Two Treatments of Pluralism: Canada and the United States

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Notre Dame Law School Legal Studies Research Paper Series No. 11-09 (February 22, 2011)


Canada and the United States, while similar in many ways, diverge substantially when it comes to family law. Canada’s marriage and divorce law is national, while the U.S. family law is largely governed by state law. This makes rules in the United States heterogeneous compared to those in Canada, and thus easier to tailor to the preferences of people living in the various states.

A more important difference between the two treatments is that Canada supports a diversity of relationships positively (through providing for financial assistance and legal recognition) and through its public policy. The United States, while tolerating most family forms, formally recognizes only marriage and adoption, leaving adults in heterodox relationships to private support or contract.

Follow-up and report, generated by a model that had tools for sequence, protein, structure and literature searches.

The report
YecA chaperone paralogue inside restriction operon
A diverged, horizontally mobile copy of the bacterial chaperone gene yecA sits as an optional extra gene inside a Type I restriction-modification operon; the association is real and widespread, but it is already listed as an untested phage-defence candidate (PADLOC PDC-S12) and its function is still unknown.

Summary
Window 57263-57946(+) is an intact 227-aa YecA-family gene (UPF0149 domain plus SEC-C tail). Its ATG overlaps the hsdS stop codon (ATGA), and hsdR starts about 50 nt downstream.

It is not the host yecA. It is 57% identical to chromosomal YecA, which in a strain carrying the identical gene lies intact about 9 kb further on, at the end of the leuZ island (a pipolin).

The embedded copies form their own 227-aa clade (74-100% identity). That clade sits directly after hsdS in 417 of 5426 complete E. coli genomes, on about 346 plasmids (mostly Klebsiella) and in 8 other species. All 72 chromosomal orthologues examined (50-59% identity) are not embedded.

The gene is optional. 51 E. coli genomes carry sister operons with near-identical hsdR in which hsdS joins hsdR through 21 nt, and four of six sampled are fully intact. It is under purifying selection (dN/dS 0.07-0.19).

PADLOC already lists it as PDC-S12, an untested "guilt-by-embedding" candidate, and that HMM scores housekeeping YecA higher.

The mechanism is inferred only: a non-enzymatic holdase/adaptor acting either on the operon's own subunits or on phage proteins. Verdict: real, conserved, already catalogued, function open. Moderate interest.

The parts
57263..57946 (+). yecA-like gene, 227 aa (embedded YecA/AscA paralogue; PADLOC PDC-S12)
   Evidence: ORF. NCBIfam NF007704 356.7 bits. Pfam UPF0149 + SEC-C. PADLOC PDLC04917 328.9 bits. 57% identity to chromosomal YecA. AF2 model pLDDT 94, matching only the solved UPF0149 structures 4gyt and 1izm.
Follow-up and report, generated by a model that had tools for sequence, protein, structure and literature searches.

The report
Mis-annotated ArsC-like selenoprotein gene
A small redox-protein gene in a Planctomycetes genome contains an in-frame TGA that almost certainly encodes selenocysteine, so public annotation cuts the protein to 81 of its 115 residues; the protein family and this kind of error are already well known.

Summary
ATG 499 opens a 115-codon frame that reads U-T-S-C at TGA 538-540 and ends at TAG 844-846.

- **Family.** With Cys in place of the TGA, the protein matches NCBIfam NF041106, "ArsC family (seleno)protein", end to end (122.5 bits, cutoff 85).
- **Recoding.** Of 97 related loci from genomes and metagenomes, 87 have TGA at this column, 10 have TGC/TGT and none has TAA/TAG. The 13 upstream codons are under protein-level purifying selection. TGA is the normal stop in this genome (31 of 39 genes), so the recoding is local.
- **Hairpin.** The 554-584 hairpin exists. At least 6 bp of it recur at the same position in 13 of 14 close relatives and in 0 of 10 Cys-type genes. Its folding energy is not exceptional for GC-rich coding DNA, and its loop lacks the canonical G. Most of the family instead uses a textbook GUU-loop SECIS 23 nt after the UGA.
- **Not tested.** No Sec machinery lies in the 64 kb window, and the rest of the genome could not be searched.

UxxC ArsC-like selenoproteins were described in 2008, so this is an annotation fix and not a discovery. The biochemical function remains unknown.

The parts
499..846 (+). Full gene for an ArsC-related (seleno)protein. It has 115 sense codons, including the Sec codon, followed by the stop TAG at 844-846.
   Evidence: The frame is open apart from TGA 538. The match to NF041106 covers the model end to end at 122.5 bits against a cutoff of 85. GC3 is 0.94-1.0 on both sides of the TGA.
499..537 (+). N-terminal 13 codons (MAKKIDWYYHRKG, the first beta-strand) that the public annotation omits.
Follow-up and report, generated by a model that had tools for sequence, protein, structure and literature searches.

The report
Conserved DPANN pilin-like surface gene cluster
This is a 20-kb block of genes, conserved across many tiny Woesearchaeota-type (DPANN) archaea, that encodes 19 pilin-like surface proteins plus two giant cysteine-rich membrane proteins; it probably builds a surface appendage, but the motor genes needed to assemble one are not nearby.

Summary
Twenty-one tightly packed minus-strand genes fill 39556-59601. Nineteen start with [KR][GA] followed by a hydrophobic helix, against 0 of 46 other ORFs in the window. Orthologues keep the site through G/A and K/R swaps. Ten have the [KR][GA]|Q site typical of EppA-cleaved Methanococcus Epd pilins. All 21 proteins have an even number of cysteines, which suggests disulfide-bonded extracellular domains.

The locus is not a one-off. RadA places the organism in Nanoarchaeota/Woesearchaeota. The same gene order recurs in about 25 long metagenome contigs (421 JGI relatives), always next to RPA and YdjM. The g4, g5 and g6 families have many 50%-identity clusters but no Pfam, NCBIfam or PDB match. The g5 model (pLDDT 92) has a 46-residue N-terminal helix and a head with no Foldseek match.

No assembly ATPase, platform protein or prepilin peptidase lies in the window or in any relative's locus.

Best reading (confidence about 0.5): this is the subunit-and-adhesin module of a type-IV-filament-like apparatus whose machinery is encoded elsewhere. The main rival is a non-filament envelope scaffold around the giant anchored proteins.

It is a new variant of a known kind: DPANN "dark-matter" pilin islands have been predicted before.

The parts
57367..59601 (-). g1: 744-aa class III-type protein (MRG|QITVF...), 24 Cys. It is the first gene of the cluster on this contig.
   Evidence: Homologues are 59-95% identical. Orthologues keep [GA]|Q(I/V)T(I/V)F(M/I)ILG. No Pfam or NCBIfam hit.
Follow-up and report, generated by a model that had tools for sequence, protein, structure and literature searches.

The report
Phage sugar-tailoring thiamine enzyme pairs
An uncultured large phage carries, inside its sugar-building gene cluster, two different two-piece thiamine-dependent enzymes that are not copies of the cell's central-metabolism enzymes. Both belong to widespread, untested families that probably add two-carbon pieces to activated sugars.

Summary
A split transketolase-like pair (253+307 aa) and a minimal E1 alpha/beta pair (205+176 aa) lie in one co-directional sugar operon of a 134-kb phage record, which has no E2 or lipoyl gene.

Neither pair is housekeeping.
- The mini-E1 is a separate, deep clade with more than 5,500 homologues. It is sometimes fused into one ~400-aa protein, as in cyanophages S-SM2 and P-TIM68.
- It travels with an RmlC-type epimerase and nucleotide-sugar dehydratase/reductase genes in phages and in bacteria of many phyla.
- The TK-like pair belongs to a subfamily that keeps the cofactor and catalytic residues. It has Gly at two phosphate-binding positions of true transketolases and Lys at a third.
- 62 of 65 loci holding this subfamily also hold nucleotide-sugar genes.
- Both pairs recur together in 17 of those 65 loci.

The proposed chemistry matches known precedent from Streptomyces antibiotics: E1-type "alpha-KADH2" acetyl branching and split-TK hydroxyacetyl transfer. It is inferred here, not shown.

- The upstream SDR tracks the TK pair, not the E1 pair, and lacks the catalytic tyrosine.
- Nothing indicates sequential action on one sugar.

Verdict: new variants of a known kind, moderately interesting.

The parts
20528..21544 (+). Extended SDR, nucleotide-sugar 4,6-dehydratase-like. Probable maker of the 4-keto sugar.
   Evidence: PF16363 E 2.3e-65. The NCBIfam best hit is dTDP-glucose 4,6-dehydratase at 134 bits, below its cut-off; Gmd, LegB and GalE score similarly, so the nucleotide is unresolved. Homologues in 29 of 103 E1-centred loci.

In both these North American jurisdictions, people live in a variety of family forms. While most heterosexual couples marry, some do not. This paper considers the effects of the differing policies on young people in two minority groups, the Québécois in Canada and African Americans in the United States, both of which groups de facto eschew formal marriage. Both are relatively impoverished groups, and both historically have suffered discrimination and been underrepresented among the national power elites. Yet despite these surface differences, the two groups diverge in terms of the mental health of their youth, and quite notably in terms of the rate at which they commit suicide. This paper will attempt to portray these similarities and differences as well as propose several reasons for the differing results.